Follow Slashdot stories on Twitter

 



Forgot your password?
typodupeerror
Get HideMyAss! VPN, PC Mag's Top 10 VPNs of 2016 for 55% off for a Limited Time ×

Comment Re:Normally I'm pro regulation (Score 1) 146

I wonder how you react when it's a poor black man getting walk instead of a Job Creator, Peace Be Upon Them? At one point in its history, the FDA routinely jailed CEOs for violations by their firms. After all, that's why they make the big bucks, right? They have so much more to risk than an average worker!

Comment Re:Sign 'I don't agree' on all HR paperwork (Score 1) 223

Allow me to repeat: trying to play lawyer without a law degree rarely ends well. And I think I am correct in assuming you don't have one, as 90% of the attorneys I know would not be nearly so flip and the other ten percent could probably successfully get their clients sentenced to death for a parking offense.

Comment Re:Sign 'I don't agree' on all HR paperwork (Score 1) 223

That's all well and good, but how are you going to do when you are served with a summons? Are you going to try to represent yourself? Remember, if you just ignore it, they're going to get a default judgement against you and at that point all of the various forms of collection, up to and including wage garnishment are on the table. Trying to play lawyer without a law degree rarely ends well.

Comment Strange swarm behavior (Score 2) 220

We've seen strange swarm behavior here in Southern California the past two years. Anecdotes follow:

Last year, we had a swarm that probably lost its Queen (or didn't have one to begin with). They maintained a big ball in the tree for nearly four months, gradually all dying off. They made no honeycomb, just a few weird strands of propolis. In the past, when swarms failed to form a new hive, they didn't continue to go and harvest pollen and function like a hive, but all died off much more rapidly.

This year, we had a swarm ball up in a tree mid-afternoon. They hadn't found a hive by the next morning. By the next evening, they were all falling to the ground and writhing as if poisoned or something. By the second day, there were just heaps of dead bees all around the garden.

I don't claim to be any expert (although my Dad kept several hives when I was a kid). Still, I haven't seen this before. I don't know the cause of either phenomenon.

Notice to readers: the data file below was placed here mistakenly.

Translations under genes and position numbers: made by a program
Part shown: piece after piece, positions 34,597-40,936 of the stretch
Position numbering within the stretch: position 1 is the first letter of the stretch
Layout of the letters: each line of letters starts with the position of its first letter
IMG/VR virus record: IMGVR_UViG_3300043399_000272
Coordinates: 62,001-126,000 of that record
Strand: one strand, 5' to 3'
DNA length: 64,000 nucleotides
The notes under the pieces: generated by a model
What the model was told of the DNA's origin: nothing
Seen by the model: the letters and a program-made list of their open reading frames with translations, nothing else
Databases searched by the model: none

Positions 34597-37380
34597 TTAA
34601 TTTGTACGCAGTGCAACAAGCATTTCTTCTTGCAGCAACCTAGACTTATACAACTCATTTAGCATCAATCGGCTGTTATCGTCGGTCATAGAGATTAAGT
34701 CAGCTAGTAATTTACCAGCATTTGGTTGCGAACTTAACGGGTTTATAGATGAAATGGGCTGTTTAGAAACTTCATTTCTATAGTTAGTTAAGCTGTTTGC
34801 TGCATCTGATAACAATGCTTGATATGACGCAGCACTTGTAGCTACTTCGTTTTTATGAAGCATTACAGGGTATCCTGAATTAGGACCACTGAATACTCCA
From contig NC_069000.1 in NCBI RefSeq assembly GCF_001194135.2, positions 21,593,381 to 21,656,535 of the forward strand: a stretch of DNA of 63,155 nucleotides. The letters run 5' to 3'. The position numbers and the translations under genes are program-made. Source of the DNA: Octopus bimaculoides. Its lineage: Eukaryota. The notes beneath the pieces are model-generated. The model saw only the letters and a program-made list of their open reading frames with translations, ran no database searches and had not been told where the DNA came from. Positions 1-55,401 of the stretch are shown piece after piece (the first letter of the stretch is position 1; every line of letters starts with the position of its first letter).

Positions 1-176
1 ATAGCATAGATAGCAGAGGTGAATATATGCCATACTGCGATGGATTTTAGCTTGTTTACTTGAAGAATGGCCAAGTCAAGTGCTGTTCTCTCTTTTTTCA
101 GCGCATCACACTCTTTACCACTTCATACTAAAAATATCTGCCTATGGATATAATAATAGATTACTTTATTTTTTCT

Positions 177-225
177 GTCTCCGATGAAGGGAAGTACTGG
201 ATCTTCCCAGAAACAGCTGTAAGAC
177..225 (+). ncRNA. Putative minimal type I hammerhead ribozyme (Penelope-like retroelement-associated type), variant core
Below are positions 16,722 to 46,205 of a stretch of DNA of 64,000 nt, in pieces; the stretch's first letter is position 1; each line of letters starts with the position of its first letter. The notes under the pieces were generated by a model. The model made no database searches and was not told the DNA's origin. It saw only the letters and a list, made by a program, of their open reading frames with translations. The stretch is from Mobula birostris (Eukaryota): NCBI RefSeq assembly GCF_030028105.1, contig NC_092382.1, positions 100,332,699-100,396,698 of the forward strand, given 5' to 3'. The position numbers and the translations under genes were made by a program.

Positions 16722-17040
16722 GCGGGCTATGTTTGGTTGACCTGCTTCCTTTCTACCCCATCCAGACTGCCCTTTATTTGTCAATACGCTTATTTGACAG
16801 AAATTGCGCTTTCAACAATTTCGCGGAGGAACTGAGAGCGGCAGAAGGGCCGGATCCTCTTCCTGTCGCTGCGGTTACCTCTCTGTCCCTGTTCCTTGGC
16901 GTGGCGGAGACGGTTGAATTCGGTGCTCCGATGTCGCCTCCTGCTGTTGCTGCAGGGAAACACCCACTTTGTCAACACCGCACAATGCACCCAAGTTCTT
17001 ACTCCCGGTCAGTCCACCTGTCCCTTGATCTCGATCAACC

Comment Re:Let me be the first to say. (Score 1) 117

When I first saw the pictures (and didn't know who was piloting) I was not surprised. A lot of weekends that (or another similar) yellow PT-22 has been hotdogging over Mar Vista - flying too low and being overly exuberant with wing waggles.

I'm in the Mar Vista "return path" area south of KSMO, and about a year ago, I tried phoning the FAA when he (or a similar PT-22) flew at about half the altitude that the normal traffic uses. Engine was backfiring and really making a hell of a noise. Not surprisingly, FAA wasn't interested. After all, I'm just estimating elevation (true), I'm not a professional pilot (true), and there are a lot of spurious complaints (not true in this case).

Apropos Surfridge ... good luck clearing West Los Angeles. I don't have major objections to the air traffic, but when someone flies low enough to shake my house on the turn-around, it makes me want to join one of the anti groups.

Comment Re:More ambiguous cruft (Score 1) 514

Yeah, as I understood it, the objection is that it forces farmers to buy seeds yearly. That's fine in a first world economy, but subsistence farmers need to be able to re-seed with their own crop yield. Many of them may never see enough cash to buy seeds in the first place, but there was concern about "first crop is free!" type promotions.

I don't know how realistic the concerns were in this particular case, but the history of companies like Nestle and their milk formula scheme is enough to give pause to a lot of people.

Comment Awwwww crap (Score 1) 211

This has me more concerned than some of the other recent bugs, primarily because it's so easy to exploit by script kiddies.

Plus, there are huge, vast, barely conceivable numbers of network-attached embedded devices that use the gethostbyname() call. What percentage of these are remotely update-able? What percentage of these will have their firmware re-flashed?

This one seems like it gives black-hats the ideal way to get a swarm army of (relatively) weak and/or dumb devices. Yet even these weak, dumb devices should be sufficient to set up warrens of ssh tunnels, nodes for DDoS attacks, etc.

Yuck.

Comment Re:360K already double-sided (Score 1) 173

No, I had a Teac DSDD drive on my TRS-80 Model I. I had to build a custom disk controller to support it though. This was in '80, so it predated the IBM PC by about a year and a half. Also, the PC used soft sectors, didn't it? The TRS-80 drive controllers were all hard sector.

I also had a Shugart 35-track SSDD drive, if I remember correctly.

It's obviously been a while, but I remember 35 track hard sector SSSD, 40 track hard sector SSSD, 40 track hard sector SSDD, and the brilliant Holy Grail of 40 track DSDD.

Comment Re:Missing option: CNC Router (Score 1) 175

ABS melts at around 200F, not 200C. But even at 100F you'll find that a lot of plastic structures lose their integrity. And it they're load bearing in any way, they're goners. PLA has a higher melt temperature, and Nylon higher still. You might be able to get away with those.

Still, aluminum! brass! wood! soap! er ... wax! ... er ... well, I dunno. I just like the idea of a diversity of material to work with. If I had more cash, I'd have both a 3D printer *and* a CNC router. And if I had even more? A full on 4+ axis CNC mill!

Slashdot Top Deals

Stinginess with privileges is kindness in disguise. -- Guide to VAX/VMS Security, Sep. 1984

Working...